What's the best internet speed for you?

These days it seems like no two households use the internet in the same way. So, if you’re considering new internet service, or a possible upgrade, you may well wonder what speed is best for you. 

There are definitely some things to consider, such as the size of your household and what you like to do online. The good news is that for most people, any fiber internet speed plan—up to 500 Mbps or 940 Mbps—will provide enough bandwidth. Typically, the choice comes down to how many devices you plan to have connected at the same time. You can take our speed quiz to find out what your needs are, or keep reading below.

Minimum speed requirements

OK, let’s talk about speed. Understanding the recommended bandwidth for common online activities is a great way to determine what you need. 

Online activity Bandwidth needed for 1-2 users Bandwidth needed for 3-4 users

Streaming music

1 Mbps

2 Mbps

General web browsing, email, social media

1.5 Mbps

3 Mbps

HD (High Definition) personal video chat (FaceTime, Zoom, etc)

3 Mbps

6 Mbps

SD (Standard Definition) video streaming

4 Mbps

8 Mbps

Online gaming, multiplayer

4 Mbps

8 Mbps

HD video streaming

5-8 Mbps

10-16 Mbps

HD video teleconference

6 Mbps

12 Mbps

Downloading large files

10 Mbps

20 Mbps

Ultra HD 4K video streaming

25 Mbps

45 Mbps

Remote work/learning

25 Mbps

45 Mbps

Note: The numbers shown are the minimum download bandwidth required. Megabits per second (Mbps) is the standard measure of internet bandwidth and speed.

So, what’s the difference between “bandwidth” and “speed”? You may hear both of these words used as if they mean the same thing, but they are slightly different. Check out several speed-related articles on our blog (like Internet speeds explained) to learn more.


To figure out the best total bandwidth for your household, add up the bandwidth you’ll need for all your online activities happening at the same time on all your devices. Then count on a bit more to allow for any smart thermostats, smart alarm systems, or additional connected devices you may have that aren’t included in the table.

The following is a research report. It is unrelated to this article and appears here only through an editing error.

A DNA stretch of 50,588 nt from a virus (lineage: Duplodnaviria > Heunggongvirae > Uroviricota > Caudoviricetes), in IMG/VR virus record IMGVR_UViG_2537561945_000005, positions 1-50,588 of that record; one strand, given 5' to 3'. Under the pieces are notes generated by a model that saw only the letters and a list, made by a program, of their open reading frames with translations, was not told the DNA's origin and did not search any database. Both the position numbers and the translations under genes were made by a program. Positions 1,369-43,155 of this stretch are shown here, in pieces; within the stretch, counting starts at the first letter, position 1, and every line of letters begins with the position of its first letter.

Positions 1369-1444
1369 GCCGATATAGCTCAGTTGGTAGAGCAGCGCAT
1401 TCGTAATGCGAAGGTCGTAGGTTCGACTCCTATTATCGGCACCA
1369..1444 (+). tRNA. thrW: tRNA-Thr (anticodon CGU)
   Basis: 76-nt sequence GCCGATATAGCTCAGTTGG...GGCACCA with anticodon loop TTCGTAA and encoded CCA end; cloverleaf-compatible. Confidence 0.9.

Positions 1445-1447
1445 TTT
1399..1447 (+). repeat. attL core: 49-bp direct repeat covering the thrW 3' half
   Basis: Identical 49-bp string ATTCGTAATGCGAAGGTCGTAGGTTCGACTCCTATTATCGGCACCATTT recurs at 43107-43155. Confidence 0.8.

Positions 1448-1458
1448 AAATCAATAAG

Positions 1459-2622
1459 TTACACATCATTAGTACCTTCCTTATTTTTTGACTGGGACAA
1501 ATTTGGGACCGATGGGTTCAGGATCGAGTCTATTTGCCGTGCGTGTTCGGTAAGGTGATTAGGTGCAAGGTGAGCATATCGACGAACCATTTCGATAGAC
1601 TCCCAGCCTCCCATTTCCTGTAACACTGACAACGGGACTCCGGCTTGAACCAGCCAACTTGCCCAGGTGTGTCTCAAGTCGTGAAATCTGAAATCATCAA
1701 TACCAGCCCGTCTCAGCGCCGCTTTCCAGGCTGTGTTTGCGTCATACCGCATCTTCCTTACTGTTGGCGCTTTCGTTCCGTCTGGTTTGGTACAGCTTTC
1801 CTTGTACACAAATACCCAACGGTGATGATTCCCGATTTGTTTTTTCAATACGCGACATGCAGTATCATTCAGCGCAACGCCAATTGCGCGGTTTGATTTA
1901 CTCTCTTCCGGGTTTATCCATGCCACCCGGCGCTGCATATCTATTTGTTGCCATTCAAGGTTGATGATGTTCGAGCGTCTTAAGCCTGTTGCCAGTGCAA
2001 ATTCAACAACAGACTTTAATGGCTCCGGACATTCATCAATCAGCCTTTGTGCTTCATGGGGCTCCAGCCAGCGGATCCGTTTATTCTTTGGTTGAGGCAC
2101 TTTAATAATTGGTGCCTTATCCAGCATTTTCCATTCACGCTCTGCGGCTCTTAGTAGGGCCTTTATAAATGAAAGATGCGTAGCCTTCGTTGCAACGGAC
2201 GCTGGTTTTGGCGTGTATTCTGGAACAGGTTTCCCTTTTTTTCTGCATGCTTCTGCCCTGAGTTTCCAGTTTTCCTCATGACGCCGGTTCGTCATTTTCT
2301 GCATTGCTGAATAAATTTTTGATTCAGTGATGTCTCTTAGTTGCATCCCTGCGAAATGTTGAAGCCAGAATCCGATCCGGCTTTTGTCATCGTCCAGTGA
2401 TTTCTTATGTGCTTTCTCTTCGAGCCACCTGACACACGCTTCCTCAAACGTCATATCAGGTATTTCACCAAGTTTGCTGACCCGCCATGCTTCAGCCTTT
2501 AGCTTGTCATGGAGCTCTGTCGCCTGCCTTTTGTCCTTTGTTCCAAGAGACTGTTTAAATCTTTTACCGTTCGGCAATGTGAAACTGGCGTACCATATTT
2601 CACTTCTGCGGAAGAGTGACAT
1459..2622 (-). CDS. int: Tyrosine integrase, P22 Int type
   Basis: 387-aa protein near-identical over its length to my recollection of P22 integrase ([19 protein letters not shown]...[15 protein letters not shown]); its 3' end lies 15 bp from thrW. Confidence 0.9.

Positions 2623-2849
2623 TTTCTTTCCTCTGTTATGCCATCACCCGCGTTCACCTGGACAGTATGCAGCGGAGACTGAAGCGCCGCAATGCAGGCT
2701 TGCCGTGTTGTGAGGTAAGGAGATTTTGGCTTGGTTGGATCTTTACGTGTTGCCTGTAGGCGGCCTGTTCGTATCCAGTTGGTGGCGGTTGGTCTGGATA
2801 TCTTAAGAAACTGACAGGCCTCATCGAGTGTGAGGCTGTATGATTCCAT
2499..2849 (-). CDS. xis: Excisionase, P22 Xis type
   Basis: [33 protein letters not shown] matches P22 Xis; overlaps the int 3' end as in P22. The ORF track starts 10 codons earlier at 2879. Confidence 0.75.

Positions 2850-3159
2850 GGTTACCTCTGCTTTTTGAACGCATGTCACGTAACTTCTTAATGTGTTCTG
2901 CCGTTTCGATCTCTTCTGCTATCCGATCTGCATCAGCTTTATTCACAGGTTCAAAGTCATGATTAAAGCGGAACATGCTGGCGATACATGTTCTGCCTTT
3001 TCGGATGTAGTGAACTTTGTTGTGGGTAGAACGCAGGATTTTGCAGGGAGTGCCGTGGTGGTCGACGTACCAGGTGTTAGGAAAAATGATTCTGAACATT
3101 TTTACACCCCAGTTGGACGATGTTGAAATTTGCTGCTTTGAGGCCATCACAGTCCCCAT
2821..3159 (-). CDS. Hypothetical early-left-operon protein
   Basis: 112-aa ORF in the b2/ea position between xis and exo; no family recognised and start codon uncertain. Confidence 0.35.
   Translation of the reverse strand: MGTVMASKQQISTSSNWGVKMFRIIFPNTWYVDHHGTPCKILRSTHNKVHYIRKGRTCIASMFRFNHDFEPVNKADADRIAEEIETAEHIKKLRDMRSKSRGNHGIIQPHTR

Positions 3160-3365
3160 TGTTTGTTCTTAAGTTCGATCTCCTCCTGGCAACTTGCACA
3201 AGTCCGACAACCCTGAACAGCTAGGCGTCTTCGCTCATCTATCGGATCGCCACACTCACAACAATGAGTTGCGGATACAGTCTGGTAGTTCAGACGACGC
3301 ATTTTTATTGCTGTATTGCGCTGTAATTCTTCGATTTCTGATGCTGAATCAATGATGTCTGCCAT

To further put it into perspective, check out these real-world examples.


Household 1

Number of people


Online activities

Remote work; Streaming music

Minimum bandwidth requirement

50 Mbps


Household 2

Number of people


Online activities

Streaming video; Online shopping; Gaming; Remote learning; Remote work

Minimum bandwidth requirement

500 Mbps

As you can see, even our lowest speed plan of up to 500 Mbps is enough to do so much. Imagine what’s possible with speeds up to 940 Mbps, or those ultra-fast “gig speed” plans, like speeds up to 3 Gbps*? The sky’s truly the limit! Learn more about gig speed.


* Limited availability, service and speed in select locations only. 

Bandwidth usage by device

Different bandwidth needs of connected devices

Source: Data from the Federal Communications Commission, 2022

The difference between download and upload speed

With fiber internet, not only do you get super-fast download speeds, but you can also achieve equally fast upload speeds. So what’s the difference?

Download speed (downstream bandwidth)

Download speed is the rate at which your connection (and your device) can send data from the internet to you. A higher download speed allows you to watch high-quality video with less buffering and download large files quickly.


Internet plans are usually given with the downstream bandwidth first and upstream bandwidth second. For example, a 100/10 Mbps connection would give you download bandwidth of 100 Mbps and upload bandwidth of 10 Mbps.

Upload speed (upstream bandwidth)

Upload speed refers to how quickly your device can send data to another device on the internet. Posting a photo or video on social media, for example, will make use of your upstream bandwidth. 


Fiber internet makes it easier to get a "symmetrical" connection, meaning the downstream and upstream bandwidth are equally fast.

What is bandwidth?

Internet bandwidth is the total volume of data that can be delivered over a particular amount of time. Bandwidth, like speed, is expressed in “Megabits per second” (Mbps). 


Though bandwidth and speed aren't the same thing, they are closely related, and many people use the two terms interchangeably. The higher the bandwidth of service, the greater volume of information can pass through your connection, which also means you’ll see faster speeds across your devices.


Now that you understand more about bandwidth and speed you should be able to decide what internet speed you need for your own household or business. You can explore fiber internet plans to see if you’re getting the service that’s right for you.